This post provides a quick guide on how to set up and use a Git repository. I highly recommend using a Git repository in addition to backing up your files and database through a separate system. Git permits a lot of oversight and control over your code changes through time and can get your out of a pickle after something gets messed up or if you forgot what you did to the code a while back. Just think of it like DVR for your code. First we will set up a local GIT repository and then a remote one on either GitHub or BitBucket.
You will require an SSH command line interface to perform this. For Windows I recommend PuTTY a free SSH client. Linux and OSX include a client. GitHub offers a free Desktop client for those who do not wish to use SSH but I recommend at least getting familiar with the SSH methods.
Each $ sign indicates a discrete command. Copy the command without the $ sign and press return/enter before entering the next command.
System-wide Local Configurations for your Computer
$ git config --global user.name "Your Public Name"
$ git config --global user.email email@example.com
The above only need to be performed once per computer – Global to all local repositories.
Set up a New Local Repository
$ git init
If successful, you will see an output like this:
Initialized empty Git repository in /home/ubuntu/workspace/.git/
Optional – Add a Gitignore file
If working in WordPress, now is a good time to add a .gitignore file to the main directory for your workspace. Here’s a bare-bones version that supports some added privacy, security and saves on bandwidth usage for plugins and image uploadeds to your WordPress site. Save the file as “.gitignore” in your main directory.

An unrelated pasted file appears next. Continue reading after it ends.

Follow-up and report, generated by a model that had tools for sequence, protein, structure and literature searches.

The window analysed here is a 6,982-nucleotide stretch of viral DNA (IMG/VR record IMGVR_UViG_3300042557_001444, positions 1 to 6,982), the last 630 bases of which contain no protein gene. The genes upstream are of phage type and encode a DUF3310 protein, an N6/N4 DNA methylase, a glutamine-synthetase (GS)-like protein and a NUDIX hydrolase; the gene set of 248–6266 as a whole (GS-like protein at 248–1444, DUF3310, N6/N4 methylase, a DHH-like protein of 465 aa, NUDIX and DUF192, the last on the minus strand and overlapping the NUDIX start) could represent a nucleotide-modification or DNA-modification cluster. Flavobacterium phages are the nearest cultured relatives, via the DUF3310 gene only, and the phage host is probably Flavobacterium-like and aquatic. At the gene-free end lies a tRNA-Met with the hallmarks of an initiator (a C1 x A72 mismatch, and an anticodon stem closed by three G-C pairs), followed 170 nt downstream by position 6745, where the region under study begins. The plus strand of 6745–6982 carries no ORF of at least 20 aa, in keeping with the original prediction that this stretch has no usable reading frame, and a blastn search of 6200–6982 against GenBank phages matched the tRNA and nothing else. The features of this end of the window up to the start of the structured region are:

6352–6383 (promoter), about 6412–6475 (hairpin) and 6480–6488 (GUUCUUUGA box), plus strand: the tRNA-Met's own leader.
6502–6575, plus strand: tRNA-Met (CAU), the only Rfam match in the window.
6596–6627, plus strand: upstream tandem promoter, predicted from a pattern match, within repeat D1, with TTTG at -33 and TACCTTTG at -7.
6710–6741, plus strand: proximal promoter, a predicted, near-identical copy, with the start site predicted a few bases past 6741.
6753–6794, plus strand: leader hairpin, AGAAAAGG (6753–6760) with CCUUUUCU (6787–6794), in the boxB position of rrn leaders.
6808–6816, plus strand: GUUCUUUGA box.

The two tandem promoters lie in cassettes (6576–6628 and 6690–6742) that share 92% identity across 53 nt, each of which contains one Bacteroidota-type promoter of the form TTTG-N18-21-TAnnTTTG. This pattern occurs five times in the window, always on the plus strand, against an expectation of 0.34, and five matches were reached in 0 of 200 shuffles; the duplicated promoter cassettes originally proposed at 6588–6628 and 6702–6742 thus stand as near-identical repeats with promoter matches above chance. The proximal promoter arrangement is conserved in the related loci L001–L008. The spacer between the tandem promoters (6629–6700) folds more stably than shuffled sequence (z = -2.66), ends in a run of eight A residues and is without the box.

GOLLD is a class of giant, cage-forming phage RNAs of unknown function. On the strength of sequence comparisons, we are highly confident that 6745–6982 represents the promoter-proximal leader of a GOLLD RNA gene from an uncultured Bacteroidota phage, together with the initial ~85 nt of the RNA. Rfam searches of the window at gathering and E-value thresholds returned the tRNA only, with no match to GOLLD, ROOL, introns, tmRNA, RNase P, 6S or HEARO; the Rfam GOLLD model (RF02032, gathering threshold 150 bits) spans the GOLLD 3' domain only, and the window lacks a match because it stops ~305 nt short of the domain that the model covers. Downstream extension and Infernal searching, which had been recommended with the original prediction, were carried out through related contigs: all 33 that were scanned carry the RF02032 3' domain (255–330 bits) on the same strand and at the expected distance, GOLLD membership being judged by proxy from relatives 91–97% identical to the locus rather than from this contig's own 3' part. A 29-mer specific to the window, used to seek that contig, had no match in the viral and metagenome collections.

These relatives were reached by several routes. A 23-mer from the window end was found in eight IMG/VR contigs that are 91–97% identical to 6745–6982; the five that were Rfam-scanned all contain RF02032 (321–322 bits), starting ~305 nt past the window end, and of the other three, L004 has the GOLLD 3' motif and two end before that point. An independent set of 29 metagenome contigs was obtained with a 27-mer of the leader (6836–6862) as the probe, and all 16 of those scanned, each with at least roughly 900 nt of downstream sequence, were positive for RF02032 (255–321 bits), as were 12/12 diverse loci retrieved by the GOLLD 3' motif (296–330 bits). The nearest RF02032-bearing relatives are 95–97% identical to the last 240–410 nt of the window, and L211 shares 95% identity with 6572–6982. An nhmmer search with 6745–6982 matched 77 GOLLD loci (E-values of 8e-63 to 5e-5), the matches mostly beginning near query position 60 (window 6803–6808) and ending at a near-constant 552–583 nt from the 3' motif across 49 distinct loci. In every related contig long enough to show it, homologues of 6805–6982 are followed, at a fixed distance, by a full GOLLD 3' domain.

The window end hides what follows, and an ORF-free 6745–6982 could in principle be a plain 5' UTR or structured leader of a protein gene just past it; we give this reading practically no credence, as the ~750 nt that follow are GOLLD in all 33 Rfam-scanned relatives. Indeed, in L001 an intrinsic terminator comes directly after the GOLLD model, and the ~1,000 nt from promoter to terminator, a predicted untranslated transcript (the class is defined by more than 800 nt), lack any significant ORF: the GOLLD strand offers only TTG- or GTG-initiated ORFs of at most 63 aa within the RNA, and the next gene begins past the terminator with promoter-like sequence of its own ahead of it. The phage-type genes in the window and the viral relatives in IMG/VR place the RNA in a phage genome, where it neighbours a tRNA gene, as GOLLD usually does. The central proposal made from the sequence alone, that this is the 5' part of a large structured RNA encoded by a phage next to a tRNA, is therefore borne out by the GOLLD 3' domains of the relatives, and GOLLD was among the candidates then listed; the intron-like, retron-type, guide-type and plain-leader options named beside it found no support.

Add Project Files
$ git add -A
Check Status of Repository
$ git status
You will see an output of those files that were just added. Use this command in the future to see where things stand in your repo.
On branch master
Changes to be committed:
(use "git rm --cached
new file: .gitignore
Make Your First Commit
This is a necessary step to actual commit the new files and changes to your repo.
$ git commit -a -m "First Commit!"
Add BitBucket (or GitHub, respectively) and Push Up to the Remote Repository
$ git remote add origin firstname.lastname@example.org:
$ git push -u origin --all
You will see an output similar to the one below after the push command:
If you now go to your Bitbucket or GitHub online repo you will see the new commit reflected there. Cool!